1996)‎. Progress report on acquired immunodeficiency syndrome-AIDS. http://www.who.int/iris/handle/10665/121523 ...
more infohttps://apps.who.int/iris/handle/10665/121523
Acquired Immunodeficiency Syndrome (AIDS) | Definition | AIDSinfo  Acquired Immunodeficiency Syndrome (AIDS) | Definition | AIDSinfo
Acquired immunodeficiency syndrome (AIDS) is the most advanced stage of HIV infection. To be diagnosed with AIDS, a person with ... Acquired Immunodeficiency Syndrome (AIDS) Acquired Immunodeficiency Syndrome Speaker A disease of the immune system due to ... Acquired immunodeficiency syndrome (AIDS) is the most advanced stage of HIV infection. To be diagnosed with AIDS, a person with ... Related Term(s): Acute HIV Infection, AIDS Case Definition, Chronic HIV Infection, HIV Progression, Human Immunodeficiency ...
more infohttps://aidsinfo.nih.gov/understanding-hiv-aids/glossary/3/acquired-immunodeficiency-syndrome?ref=oceancitycool
ACQUIRED IMMUNODEFICIENCY SYNDROME (‎AIDS)‎ = SYNDROME DIMMUNODÉFICIENCE ACQUISE (‎SIDA)‎  ACQUIRED IMMUNODEFICIENCY SYNDROME (‎AIDS)‎ = SYNDROME D'IMMUNODÉFICIENCE ACQUISE (‎SIDA)‎
... View/. Open. WER6336_273-273.PDF (‎ ... 1988)‎. ACQUIRED IMMUNODEFICIENCY SYNDROME (‎AIDS)‎ = SYNDROME D'IMMUNODÉFICIENCE ACQUISE (‎SIDA)‎. Weekly Epidemiological ...
more infohttp://apps.who.int/iris/handle/10665/226852
Acquired Immunodeficiency Syndrome: Anorexia  Acquired Immunodeficiency Syndrome: Anorexia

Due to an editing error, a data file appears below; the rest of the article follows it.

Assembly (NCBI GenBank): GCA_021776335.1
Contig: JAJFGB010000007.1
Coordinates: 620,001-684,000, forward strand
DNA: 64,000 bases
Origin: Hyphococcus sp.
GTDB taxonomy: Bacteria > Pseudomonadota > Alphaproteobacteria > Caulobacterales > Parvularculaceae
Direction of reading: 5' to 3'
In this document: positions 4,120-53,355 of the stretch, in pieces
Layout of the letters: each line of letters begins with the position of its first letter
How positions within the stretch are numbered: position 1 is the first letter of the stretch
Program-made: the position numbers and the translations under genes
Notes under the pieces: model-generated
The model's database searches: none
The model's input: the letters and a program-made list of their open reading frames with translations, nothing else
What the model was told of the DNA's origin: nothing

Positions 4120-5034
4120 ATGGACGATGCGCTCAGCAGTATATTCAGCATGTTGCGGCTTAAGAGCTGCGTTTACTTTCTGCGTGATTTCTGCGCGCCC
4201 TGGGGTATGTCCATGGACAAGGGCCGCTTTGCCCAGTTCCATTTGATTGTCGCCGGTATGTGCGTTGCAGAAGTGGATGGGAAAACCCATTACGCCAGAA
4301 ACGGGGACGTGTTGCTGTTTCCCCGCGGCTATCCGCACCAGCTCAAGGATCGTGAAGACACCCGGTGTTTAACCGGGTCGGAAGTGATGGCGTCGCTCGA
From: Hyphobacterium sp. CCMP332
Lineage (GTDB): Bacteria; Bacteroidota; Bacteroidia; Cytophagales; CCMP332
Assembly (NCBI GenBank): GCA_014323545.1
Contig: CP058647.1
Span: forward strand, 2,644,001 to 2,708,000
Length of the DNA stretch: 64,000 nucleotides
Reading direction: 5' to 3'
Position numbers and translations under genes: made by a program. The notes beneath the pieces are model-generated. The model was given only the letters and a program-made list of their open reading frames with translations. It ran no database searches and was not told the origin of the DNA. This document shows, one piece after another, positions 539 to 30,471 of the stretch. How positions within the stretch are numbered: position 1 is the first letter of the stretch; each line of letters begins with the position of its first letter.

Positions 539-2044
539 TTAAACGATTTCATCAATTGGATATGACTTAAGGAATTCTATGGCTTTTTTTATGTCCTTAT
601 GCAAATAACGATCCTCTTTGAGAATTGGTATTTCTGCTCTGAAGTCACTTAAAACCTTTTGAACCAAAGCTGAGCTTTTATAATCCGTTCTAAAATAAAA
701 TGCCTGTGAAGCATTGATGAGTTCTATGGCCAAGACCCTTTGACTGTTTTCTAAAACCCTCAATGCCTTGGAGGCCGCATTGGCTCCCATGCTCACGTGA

Another name for Acquired Immunodeficiency Syndrome is AIDS. Many patients with HIV infection and AIDS will suffer from ... Acquired Immunodeficiency Syndrome Anorexia. Many patients with HIV infection and AIDS will suffer from anorexia.. Anorexia is ... PubMed Acquired Immunodeficiency Syndrome References *Aberg JA, Gallant JE, Anderson J, et al: Primary care guidelines for the ... Continue to Acquired Immunodeficiency Syndrome Depression Last Updated: Nov 16, 2010 References Authors: Stephen J. Schueler, ...
more infohttp://www.freemd.com/acquired-immunodeficiency-syndrome/home-care-anorexia.htm
Acquired Immunodeficiency Syndrome: Lipodystrophy Syndrome  Acquired Immunodeficiency Syndrome: Lipodystrophy Syndrome
Lipodystrophy Syndrome Lipodystrophy syndrome is the abnormal distribution of fat in the ... ... Another name for Acquired Immunodeficiency Syndrome is AIDS. ... PubMed Acquired Immunodeficiency Syndrome References *Aberg JA ... Acquired Immunodeficiency Syndrome Lipodystrophy Syndrome. Lipodystrophy Syndrome. Lipodystrophy syndrome is the abnormal ... Continue to Acquired Immunodeficiency Syndrome Opportunistic Infections Last Updated: Nov 9, 2010 References Authors: Stephen J ...